If you are struggling to get you little one to fall asleep or stay asleep through the night, there are three key things to keep in mind that can improve sleep right away at any age. These key components can help your child fall asleep better at bedtime and sleep in longer in the morning. They can also prevent unnecessary night wakings. Sometimes just simple, gentle changes can have a significant impact on sleep even without sleep training or sleep coaching.

Keep these three factors in mind when you are looking for a sleep solution for your baby or child. Whether you prefer not to do sleep training, you are using a cry it out strategy, or you are looking for a gentle sleep coaching strategy, being mindful of your child's need to feel safe, secure and connected, and, their bedtime conditions and overtiredness, will have a big impact to improve sleep for your child and you.

3 Key Factors for Better Sleep

1. Connection and Security

The need to feel safe. connected, loved and comfortable is a vital component to be able to sleep for children and adults. These feelings of connection and safety stem from attachment that starts to develop in infants and young children through loving interactons with parents. Healthy attachment is important for children and adults no matter what parenting style you identify with. Positive daytime interactions, can carry over to the evening and night to promote good sleep.

The most important thing you can do before bed is to be calm and have a moment of connection with your child. This may be a cuddle, reading a story, I love yous, and kisses. If your house is hectic or you are stressed out, it might be helpful to take a few moments to calm or ground yourself before engaging in your bedtime routine. You can also take some deep breaths together with your child. If you are calm, you can download that calm into your child and your little one will understand that all is safe and well with the world and it is okay to sleep.

“Your primary aim at bedtime is to bring your child down from a super alert awake state by activating the calming brain chemical oxytocin and the sleep hormone Melatonin.”

Margot Sunderland, Science of Parenting p. 66  1

2. Bedtime

Bedtime is the most significant time for sleep.

The bedtime conditions have a significant impact on the remainder of the night. Whatever your child has at bedtime to fall asleep will be needed to stay asleep or fall back to sleep in the night. If your child’s sleep location or environment has changed through the night, they are more likely to wake and need what they had at the beginning of the night. For example if your little one falls asleep while feeding in a parent’s arms, and then wakes up later in their crib, this will be very alerting. It may contribute to your child becoming more wakeful and even distressed and they will likely need the bedtime conditions replicated to fall back to sleep – or they may need more support than they got at bedtime.  You may have experienced this yourself – you go to bed with your pillow and duvet and then in the night one or both go missing. Instead of rolling over and going back to sleep, you wake up full and need these items to fall back to sleep. You may even be annoyed that they went missing. In the middle of the night, if your child wakes, they will need at least the same environmental conditions and supports given at bedtime, if not more to fall back to sleep. What happens at bedtime not only impacts the rest of the night, it can also have a significant impact on the daytime sleep as well.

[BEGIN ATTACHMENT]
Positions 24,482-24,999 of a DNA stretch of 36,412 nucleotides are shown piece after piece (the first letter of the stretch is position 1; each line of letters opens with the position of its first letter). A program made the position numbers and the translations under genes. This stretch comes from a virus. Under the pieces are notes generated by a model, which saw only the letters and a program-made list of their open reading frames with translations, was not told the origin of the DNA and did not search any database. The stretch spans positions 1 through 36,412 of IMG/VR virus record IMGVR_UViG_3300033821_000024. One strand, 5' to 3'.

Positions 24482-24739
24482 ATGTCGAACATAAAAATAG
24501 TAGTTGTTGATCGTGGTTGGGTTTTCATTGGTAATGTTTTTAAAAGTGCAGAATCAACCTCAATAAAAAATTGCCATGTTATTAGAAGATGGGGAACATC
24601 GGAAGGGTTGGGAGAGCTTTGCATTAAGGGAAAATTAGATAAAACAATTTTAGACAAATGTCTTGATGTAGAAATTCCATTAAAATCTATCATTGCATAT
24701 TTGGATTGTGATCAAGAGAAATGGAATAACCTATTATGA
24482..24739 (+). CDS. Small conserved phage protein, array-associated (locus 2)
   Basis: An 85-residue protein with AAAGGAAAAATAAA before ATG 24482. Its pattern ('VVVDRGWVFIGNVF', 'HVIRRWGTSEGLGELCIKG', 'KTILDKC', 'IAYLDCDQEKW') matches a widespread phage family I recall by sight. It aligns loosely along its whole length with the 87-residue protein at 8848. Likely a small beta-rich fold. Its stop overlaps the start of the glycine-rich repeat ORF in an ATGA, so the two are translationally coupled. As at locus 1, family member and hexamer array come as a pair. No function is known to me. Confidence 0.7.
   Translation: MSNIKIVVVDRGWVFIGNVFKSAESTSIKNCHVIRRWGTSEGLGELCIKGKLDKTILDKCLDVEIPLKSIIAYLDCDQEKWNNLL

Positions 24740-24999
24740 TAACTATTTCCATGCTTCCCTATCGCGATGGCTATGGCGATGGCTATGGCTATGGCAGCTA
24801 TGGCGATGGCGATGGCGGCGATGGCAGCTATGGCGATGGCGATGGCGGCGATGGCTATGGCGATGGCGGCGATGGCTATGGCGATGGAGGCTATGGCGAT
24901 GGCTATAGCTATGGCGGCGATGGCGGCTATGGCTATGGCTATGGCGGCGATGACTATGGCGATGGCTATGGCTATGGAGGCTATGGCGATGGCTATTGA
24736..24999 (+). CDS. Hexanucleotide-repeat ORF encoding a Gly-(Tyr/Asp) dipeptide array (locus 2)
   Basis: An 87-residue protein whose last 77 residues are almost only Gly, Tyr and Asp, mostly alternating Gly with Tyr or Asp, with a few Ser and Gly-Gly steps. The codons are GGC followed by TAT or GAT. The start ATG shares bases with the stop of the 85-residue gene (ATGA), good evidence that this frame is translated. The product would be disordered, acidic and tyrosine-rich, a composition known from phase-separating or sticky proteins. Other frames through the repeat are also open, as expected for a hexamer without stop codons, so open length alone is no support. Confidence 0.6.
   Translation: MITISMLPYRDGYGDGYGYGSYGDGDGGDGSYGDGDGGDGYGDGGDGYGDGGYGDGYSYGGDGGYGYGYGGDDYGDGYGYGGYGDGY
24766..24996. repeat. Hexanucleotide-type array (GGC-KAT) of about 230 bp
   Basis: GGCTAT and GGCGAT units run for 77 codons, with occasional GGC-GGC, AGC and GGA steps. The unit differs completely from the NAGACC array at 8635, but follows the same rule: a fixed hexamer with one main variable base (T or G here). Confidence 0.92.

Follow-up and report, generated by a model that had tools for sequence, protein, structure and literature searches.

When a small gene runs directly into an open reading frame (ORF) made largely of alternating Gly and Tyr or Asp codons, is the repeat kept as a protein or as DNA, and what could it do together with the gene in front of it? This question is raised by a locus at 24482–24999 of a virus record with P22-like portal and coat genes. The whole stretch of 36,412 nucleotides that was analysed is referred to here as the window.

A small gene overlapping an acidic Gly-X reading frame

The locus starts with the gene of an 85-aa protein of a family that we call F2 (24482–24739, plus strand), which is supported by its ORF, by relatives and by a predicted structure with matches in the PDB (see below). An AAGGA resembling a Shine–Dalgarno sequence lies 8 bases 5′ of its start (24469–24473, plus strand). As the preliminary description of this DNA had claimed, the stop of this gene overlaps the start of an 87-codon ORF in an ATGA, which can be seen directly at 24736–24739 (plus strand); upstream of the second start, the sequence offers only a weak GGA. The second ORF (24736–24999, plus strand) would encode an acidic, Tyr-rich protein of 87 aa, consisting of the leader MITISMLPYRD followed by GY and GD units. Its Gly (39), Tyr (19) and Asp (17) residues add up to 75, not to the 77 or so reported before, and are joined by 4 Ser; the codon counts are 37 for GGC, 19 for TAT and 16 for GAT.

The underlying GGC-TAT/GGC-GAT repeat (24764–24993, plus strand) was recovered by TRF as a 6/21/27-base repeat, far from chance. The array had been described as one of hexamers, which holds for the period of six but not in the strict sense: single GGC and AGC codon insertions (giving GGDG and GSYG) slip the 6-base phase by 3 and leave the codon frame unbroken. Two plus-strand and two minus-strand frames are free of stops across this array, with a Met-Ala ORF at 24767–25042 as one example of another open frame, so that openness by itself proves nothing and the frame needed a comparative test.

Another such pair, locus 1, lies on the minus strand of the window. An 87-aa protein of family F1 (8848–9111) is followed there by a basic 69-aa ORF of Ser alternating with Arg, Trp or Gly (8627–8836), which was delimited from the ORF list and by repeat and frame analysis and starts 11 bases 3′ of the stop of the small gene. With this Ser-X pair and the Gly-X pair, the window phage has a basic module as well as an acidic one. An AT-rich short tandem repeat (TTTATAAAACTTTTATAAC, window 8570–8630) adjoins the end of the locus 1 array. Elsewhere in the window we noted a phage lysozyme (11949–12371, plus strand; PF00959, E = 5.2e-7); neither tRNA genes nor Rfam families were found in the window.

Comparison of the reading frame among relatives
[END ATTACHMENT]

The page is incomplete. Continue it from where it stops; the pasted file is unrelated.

There are several things that make bedtime time such a significant time for sleep.

  • Expectations are set at bedtime

Bedtime is when we as parents, set the expectation of how the child is to fall asleep. We let our children know what we are going to do to help them sleep and what part they will need to do. So if you are feeding or comforting your baby to sleep, they are going to expect you to come back and feed or comfort them back to sleep if they wake in the night. The same can be true if you are feeding or comforting your child to a drowsy state at bedtime. In this case, it is unlikely that they know how to fall asleep from fully awake in the middle of the night and will need your assistance again if they awaken fully.

  • Learning sleep skills is easier at bedtime

The evening is the easiest time to learn sleep skills. There is significant felt sleep pressure from being awake most of the day, coupled with Melatonin and a significant drop in day system hormones like Adenosine. This creates the ideal time to help your child learn new sleep habits.